Facebooks in for a whole lot of Euro-pain
Facebooks top brass may soon look back on their European apology tour as the good ol days — the ones before regulation really came down on their business.
Senior executives, including Mark Zuckerberg, have just emerged from three bouts of questioning in European Parliament, and one lecture from French President Emmanuel Macron. Despite some heated rhetoric (one EU politician likened Zuckerbergs company to a “Frankenstein monster” that has escaped his control), the exchanges failed to produce any must-see “gotcha” moments for TV.
And yet, the low-key hostility that Facebook faced in Strasbourg recently is not going away. Its becoming standard. As concerns about privacy and data protection prompt legislative action on both sides of the Atlantic, the Menlo Park, California-based firm is likely to see its experience in the European Parliament as a last easy ride — and the start of a harsher era.
Currently, Facebook faces parallel probes in the United Kingdom, the United States and the European Union into various aspects of its handling of user data. Any one of those carries the potential for financial penalties that could deliver a missile strike to Facebooks bottom line, and set a legal precedent damaging for its business model.
“The responses we received today from Mr. Zuckerberg … were totally inadequate” — Guy Verhofstadt
Europes sweeping new privacy law, which gave teeth to data protection authorities, is just over a month old, and has yet to be tested as a regulatory tool. Should any of the regions data protection authorities apply the General Data Protection Regulation (GDPR) to the letter over a data breach or misuse of private information, the effect not just on Facebook but on the data-based tech economy at large, could be seismic.
“We are awaiting the enforcers to reveal their initial findings,” warned Justice Commissioner Věra Jourová in the European Parliaments final hearing with the company. “We have put pressure on Facebook to fully cooperate with ongoing investigations and be transparent with affected users, and remedy the situation.”
Humiliation, but not real pain
Despite the tough talk, Zuckerberg showed little sign of feeling pressure when he spoke to parliamentarians in Strasbourg. Guy Verhofstadt, head of the Liberals group — and the one who called Facebook a Frankenstein creation — summed up the general feeling when he said: “The responses we received today from Mr. Zuckerberg … were totally inadequate.”
Executives Richard Allan, Joel Kaplan and Steve Satterfield, who came after Zuckerberg, all pulled off similarly relaxed performances. They fielded the questions politely and competently, and did plenty of apologizing for past mistakes — a campaign thats continued in European newspapers with full-page ads promising better protection for data.
The calm responses were underwhelming and, frankly, a little boring. But there are signs that Facebooks apologetic posture is starting to take a toll on its reputation — even as its overall number of daily users inches upward and its stock continues to rise.
Facebook may be able to shrug off opinions, but it may struggle to ignore the regulatory actions | Tobias Schwarz/AFP via Getty Images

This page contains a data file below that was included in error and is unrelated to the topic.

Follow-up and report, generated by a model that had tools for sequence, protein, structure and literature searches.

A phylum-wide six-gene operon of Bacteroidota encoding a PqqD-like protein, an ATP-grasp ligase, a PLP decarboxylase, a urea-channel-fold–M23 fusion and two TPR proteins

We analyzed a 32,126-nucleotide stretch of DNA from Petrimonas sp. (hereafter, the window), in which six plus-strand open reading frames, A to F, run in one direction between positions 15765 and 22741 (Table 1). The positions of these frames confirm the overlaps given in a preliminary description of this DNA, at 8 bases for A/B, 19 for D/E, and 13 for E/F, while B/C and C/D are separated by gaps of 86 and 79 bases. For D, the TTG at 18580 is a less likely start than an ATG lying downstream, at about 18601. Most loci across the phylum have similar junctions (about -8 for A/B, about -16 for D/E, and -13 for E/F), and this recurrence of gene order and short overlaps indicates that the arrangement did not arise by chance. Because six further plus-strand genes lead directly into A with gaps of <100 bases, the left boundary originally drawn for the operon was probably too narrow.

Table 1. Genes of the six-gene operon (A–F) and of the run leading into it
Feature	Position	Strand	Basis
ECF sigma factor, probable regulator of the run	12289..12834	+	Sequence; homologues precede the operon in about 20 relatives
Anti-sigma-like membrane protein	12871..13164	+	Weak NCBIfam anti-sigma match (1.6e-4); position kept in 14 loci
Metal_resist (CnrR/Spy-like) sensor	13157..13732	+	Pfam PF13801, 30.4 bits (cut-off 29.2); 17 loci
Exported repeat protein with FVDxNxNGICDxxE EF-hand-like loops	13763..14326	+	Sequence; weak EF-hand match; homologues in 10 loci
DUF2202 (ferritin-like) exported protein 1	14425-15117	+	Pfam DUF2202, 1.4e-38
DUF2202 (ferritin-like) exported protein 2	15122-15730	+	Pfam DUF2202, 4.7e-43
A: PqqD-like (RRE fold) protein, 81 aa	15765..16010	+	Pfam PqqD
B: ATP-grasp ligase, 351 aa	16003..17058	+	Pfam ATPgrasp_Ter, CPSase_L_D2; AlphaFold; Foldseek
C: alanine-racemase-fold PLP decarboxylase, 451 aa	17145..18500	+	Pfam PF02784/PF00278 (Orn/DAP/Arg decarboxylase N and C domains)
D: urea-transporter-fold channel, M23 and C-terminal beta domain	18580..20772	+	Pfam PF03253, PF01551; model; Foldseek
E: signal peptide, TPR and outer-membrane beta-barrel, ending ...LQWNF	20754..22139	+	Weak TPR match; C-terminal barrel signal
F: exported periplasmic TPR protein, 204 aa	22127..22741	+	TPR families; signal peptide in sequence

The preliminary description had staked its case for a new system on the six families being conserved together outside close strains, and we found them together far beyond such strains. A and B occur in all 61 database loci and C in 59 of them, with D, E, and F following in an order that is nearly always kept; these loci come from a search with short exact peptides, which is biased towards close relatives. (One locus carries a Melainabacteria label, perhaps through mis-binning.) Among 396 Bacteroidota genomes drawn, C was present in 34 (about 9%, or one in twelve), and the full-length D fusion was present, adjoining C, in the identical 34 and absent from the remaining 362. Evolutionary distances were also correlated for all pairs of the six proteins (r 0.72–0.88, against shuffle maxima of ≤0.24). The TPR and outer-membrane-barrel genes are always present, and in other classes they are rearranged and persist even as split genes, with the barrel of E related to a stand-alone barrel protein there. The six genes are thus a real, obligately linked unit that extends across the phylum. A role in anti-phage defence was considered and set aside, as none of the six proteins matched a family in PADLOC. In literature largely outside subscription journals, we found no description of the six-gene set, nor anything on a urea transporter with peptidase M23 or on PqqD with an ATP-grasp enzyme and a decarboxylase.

In the wake of the Cambridge Analytica data breach, which affected more than 87 million users, 2.7 million of which were in Europe, a survey put out by Bild Am Sonntag shows that 60 percent of Germans are worried about Facebooks impact on democracy. Another poll by Reuters/Ipsos shows that less than half of Americans think Facebook will adhere to U.S. privacy rules.
Facebook may be able to shrug off opinions. But it may struggle to ignore the regulatory actions that shifts in public opinion can provoke. In the wake of the Cambridge Analytica scandal, which took place before GDPR was in effect, several practices have raised red flags. And the first blow, if it comes (some privacy activists argue its a matter of “when”), is likely to come from the U.K.
The Information Commissioners Office, which is working closely with the European Commission, is soon expected to publish the results of its investigation into data misuse in the recent U.K. elections and the 2016 Brexit referendum.
And in the U.S., investigations are ramping up, as the Federal Bureau of Investigation, the Department of Justice, the Securities and Exchange Commission and the Federal Trade Commission have all quizzed the company over its Cambridge Analytica scandal, in what could be a precursor to a federal probe.
Beyond investigations, regulators are taking note and beefing up rules. Californias recently passed privacy law wont come into force until 2020, but when it does, consumers could have the right to find out what data businesses have collected on them and ask for it to be deleted — a right thats already taxing Google in Europe, where a “right to be forgotten” has been in force since 2014.
Europe, with its tough privacy rules, is already a headache for companies like Facebook. In the coming year, the climate is set to get even tougher as the Continents privacy-minded politicians start campaigning ahead of an election for the European Parliament in May 2019.
They are in no mood to be patient.
“We should only look to 2020 for a tougher Europe” when it comes to tech regulation, said Czech Liberal MEP Dita Charanzová. “This means Facebook has a year to right their ship before Europe acts, and I hope they do.”
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